[if this is the first time you have landed here, I strongly recommend, you check this out first]
There was a clear reason why Agasthya was a celebrated NIA (National Intelligence Agency) ACP. His father a freedom fighter and later a government teacher had instilled him with idealistic beliefs of freedom, law and democracy. It was apparent that he was going to be a police officer given he was a good student an excellent athlete, and most importantly had a vision for his country. He cleared his IPS exams and worked in the Anti Narcotic Department for 6 years before he moved to the newly minted NIA in 2009.
Agasthya never married, had no siblings and his father had passed away when Agasthya was in college. He had no second name (his father one of the Gandhi supporters) and as an extension no relatives. There was nothing to keep Agasthya back, and nothing to keep him tied down. He worked inhuman hours, traveled unreasonable distances and carried in-numerable wounds. He was loyal to his task of eradicating the drug mafia from the Indian veins, and the government heaped rewards on him for his achievements.
When the NIA came calling however, Agasthya didn’t hesitate to sign up. The NIA was focused on anti-terrorists activities, and there was no reason why drug lords couldn’t be covered in those definitions. Besides, how many times he had to halt his investigation because there was cross-border jurisdiction involved. Being in the NIA opened new doors for Agasthya, and once again like always he excelled. His exploits in Naxal territory and then in J&K remained classified from the media but were well known in the halls of NIA.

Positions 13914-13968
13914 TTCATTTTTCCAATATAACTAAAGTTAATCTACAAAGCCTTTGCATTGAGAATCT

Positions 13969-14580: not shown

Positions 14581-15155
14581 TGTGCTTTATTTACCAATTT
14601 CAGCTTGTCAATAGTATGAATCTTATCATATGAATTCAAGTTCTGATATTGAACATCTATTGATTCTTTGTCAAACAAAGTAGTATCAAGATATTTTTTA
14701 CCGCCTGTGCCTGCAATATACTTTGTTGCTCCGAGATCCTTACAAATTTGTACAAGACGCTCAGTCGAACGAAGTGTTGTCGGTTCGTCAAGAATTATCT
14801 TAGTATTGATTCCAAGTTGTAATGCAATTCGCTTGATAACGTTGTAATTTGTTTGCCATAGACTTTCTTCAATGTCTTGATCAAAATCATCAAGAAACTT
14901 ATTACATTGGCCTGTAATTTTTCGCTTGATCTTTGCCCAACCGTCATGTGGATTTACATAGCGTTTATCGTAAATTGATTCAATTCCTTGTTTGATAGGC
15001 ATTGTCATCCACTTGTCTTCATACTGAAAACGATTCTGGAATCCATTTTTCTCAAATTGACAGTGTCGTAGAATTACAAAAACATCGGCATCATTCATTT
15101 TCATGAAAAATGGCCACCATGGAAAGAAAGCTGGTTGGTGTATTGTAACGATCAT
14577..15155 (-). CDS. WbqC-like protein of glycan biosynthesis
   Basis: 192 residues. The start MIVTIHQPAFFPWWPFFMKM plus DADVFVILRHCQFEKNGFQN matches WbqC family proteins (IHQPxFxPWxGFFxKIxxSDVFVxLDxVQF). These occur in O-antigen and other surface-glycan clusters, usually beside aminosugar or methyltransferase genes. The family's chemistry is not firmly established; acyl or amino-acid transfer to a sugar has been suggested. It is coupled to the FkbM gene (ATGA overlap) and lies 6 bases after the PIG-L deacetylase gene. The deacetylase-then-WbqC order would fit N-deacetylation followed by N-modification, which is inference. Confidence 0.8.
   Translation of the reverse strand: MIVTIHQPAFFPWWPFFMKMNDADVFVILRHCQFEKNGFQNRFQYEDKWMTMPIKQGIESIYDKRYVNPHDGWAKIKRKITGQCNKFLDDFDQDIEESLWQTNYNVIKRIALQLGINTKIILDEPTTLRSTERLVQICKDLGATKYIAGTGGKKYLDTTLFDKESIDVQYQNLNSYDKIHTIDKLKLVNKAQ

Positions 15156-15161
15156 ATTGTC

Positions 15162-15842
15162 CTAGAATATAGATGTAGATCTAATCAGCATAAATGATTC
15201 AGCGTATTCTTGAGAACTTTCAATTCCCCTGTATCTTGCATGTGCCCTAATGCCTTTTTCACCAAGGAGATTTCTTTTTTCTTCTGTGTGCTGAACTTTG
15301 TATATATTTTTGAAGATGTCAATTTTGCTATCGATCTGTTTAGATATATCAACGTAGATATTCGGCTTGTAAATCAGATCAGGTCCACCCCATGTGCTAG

After his most recent trips to the Himalayas that had lasted for 6-8 months in mostly China controlled territory, the higher ups at NIA had decided to give him a vacation. Agasthya refused, so they met him halfway and offered him a case involving clandestine funds from overseas. It wasn’t an easy case, but it didn’t involve a lot of moving around.
Agasthya was given a quarter (more like a Bungalow) in Delhi, a driver and a cook. He was also given freedom to pick and choose his own team for the job. He hadn’t as of yet, 2 months into the job he had worked on it himself. It wasn’t as if he didn’t trust people, but he didn’t carry the same baggage like many of his colleagues and so he didn’t involve them unless he absolutely had to.
He was onto something now. He had some names, and the heat on him was increasing. He was used to such political influences during his time in the Anti-Narcotics. Most of the times, he would have to drop the case, and move to another location, but the few times when he did get an opportunity, he would rip those people out of their seats. Agasthya was patient, but he was also thorough. He never made allegations without concrete evidence.
Tonight however, he was ready to call it in. He had prepared his report (all 508 pages of it), and he would submit it to NIA headquarters tomorrow. They can then take a call if the names in that report were good enough to be taken down, or big enough to be kept out.
Agasthya needed a bath. He turned on the tap, and began filling his bath tub. He added salt to the water, and waited for it to reach the perfect temperature. Agasthya like many others enjoyed shutting off his mind. He did it often when he submerged himself into the bathtub. It helped him more than his sleep did, and was probably the only comfort he missed, when he was on the field.
He had just entered the bath tub, and closed his eyes, when the phone rang.